Monday, February 13, 2012
Barack Obama has a potentially strong hand on the tax issue, but is misplaying it. An enormous opportunity was missed when he ignored the issue of tax reform in his State of the Union address on Jan. 24. But it’s not too late for him to get control of an issue that is certain to be widely discussed during the presidential campaign. If Obama fails to act, Democrats in Congress should seize it for themselves.
For Republicans, every problem in society is caused by government doing too much; never too little. And most of the time, it can be reduced to excessive taxation. Therefore, tax cuts are often the solution to any problem. And if tax cuts are good, bigger tax cuts are better. Thus, every Republican running for president has a big tax cut at the core of his economic policy, with much of the debate revolving around who has the biggest one.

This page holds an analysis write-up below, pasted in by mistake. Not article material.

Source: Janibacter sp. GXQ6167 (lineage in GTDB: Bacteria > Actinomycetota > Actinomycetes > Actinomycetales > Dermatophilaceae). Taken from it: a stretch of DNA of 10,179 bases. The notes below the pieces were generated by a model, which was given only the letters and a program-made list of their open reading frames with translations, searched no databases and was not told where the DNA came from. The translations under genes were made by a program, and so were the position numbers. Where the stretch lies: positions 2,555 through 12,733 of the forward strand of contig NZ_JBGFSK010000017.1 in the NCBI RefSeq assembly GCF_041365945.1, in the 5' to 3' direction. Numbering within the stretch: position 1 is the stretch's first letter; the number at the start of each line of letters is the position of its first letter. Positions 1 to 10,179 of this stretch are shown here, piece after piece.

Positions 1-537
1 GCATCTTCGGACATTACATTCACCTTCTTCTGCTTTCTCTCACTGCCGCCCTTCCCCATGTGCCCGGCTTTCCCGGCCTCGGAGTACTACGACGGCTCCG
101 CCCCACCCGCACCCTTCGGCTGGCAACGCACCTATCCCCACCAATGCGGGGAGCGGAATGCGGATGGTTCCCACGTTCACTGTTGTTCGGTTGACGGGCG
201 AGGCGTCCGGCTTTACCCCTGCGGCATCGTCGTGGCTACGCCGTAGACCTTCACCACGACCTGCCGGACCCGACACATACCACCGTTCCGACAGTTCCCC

In the real world, however, federal taxes are at their lowest level in several generations and there is no evidence that taxes are a major factor, let alone the key factor, restraining economic growth at this time. ...
[E]ven if Democrats lose the Senate as well as the White House they will easily be able to filibuster extension of the Bush tax cuts. Therefore, Obama actually holds the winning hand; only he can ensure that taxes don’t rise next year for most taxpayers by negotiating a compromise acceptable to Senate Democrats. Whether he has the skill to play it may determine whether he is re-elected or not.